Shows I produced for Radio Times with Marty Moss-Coane
On this page, I’m collecting some of my better contributions to WHYY’s Radio Times with Marty Moss-Coane, the daily interview show on Philadelphia’s NPR station. These are shows that I conceived and executed, and which stood out for some of the reasons noted below.
Long a fan of Jake’s, I pursued him and convinced him to come and my boss to host him for our first-ever concert before a live audience in WHYY’s new performance space/studio. Jake had just released his new album, “Peace Love Ukulele,” and performed selections from the album as well as classics of his repertoire, like his now iconic version of George Harrison’s “While My Guitar Gently Weeps.” This was one of the most popular programs Radio Times has ever presented, judging by audience feedback, and the interview was as revealing as the music was transcendent. My job as producer this day included selecting, editing, mixing and cuing the pre-recorded clips we listened to; greeting the in-studio audience of WHYY members as well as Jake and his crew; coordinating the assignments of Radio Times and WHYY production and engineering staff; social media promoting the show; and preparing the host with research to guide her interview.
Another wildly popular show with our audience, this show brought Tufts political scientist DANIEL DREZNER into the studio to discuss his book, “Theories of International Politics AND ZOMBIES!!!” I’ve been following Drezner’s work on the Foreign Policy website for a while, and when I learned that this gifted writer and communicator had a book coming out elaborating on his popular essay in Foreign Policy Magazine, I jumped at the chance to book him. I also scoured through zombie films to find just the right clips to play; Drezner complimented me on the selection before our show, saying he had independently selected some of the same clips for a slideshow he was giving. A very fun hour, heavily produced and revealing of both pop culture and political science.
I followed the work and writing of Drezner, the zombie guy, after our show. And I noticed that he engaged online with another great commentator about foreign policy, ANNE-MARIE SLAUGHTER, former policy planning chief in the Obama State Department and now a Princeton professor and columnist at The Atlantic, about whether, and how, digital and networked media have changed the nature of international politics. The two of them went back and forth on Twitter and in their respective writings, but it wasn’t until my invitation, and our show, that they debated each other in real time. Slaughter argued that networked and social media have changed the game of international politics, granting unprecedented powers and access to the otherwise powerless. Drezner argued that despite the media and academic attention that digital media have received in coverage of events like the Arab Spring, they have not upended the status quo in terms of power and influence, which remain concentrated in the great powers. A great, lively debate ensued, and I’m proud to have thought of it, booked it and hosted it.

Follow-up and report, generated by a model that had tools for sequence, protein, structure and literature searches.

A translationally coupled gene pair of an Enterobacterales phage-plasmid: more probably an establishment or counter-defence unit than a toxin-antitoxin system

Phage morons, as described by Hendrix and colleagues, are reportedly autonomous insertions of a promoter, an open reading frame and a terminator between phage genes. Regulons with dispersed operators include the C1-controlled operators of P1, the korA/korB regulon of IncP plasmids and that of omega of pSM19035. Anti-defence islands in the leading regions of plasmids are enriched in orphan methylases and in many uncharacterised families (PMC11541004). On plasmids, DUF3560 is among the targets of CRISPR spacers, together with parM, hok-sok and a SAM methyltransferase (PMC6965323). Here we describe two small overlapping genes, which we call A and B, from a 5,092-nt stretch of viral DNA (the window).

Booking Emmanuel Jal was another example of me following an artist’s career and cyberstalking them until I could get them on our show. I communicated with contacts for the South Sudanese former child soldier and “Lost Boy” for more than a year, and eventually convinced him to come to Philadelphia just for our show. The result, with his irreplaceable, unrepeatable biography sharing time with his amazing, inspiring music, was a great hour of Radio Times. And when his cell phone rang in the middle of the live interview (!), it turned into a great, revealing moment.
After subjecting my boss to what seemed like a nonstop barrage of heavy, depressing show topics (female genital mutilation, torture and corruption that week alone), I wanted to give her an easy, fun show to usher in the weekend. With Valentine’s Day coming up, and knowing my boss loves movies, I conjured up a show that surveyed the greatest love stories in Hollywood history. I booked film historian Jeanine Basinger,chair of the Film Studies Department at Wesleyan University and founder and curator of the Wesleyan Cinema Archives, plus a short segment with Peter Stromberg, professor of Anthropology at the University of Tulsa, and author of “Caught in Play: How Entertainment Works on You.” More than that, I scoured through Hollywood history, our guest’s recommendations, staff favorites and suggestions we received via social media for movie clips to play and discuss. The result was a really entertaining show.
Building on the success of our Valentine’s Day “romance on film” show, we invited Jeanine Basinger back on to discuss “mothers in the movies.” Again, I plumbed everything from online Top 10 lists to Jeanine’s suggestions to our Facebook fans’ favorites to come up with a diverse, entertaining and illuminating cross-section of memorable depictions of motherhood in the movies.
Father’s Day films
Celebrating secretaries in culture and film
Debating what kind of music to play for your kids
Sea Level Rise
Ethical shopping: Does it make a difference?
Doctors of the Arab Spring
Occupy Philadelphia, on the verge of a crackdown
The cutting edge in architecture and community design
Joe Henry, musician and producer
Leymah Gbowie, Liberian peace hero and Nobel Peace Prize winner
Fighting homophobia in American sports
Birds and birding in the Delaware Valley
The Peace Corps turns 50
Love Lessons from Abu Ghraib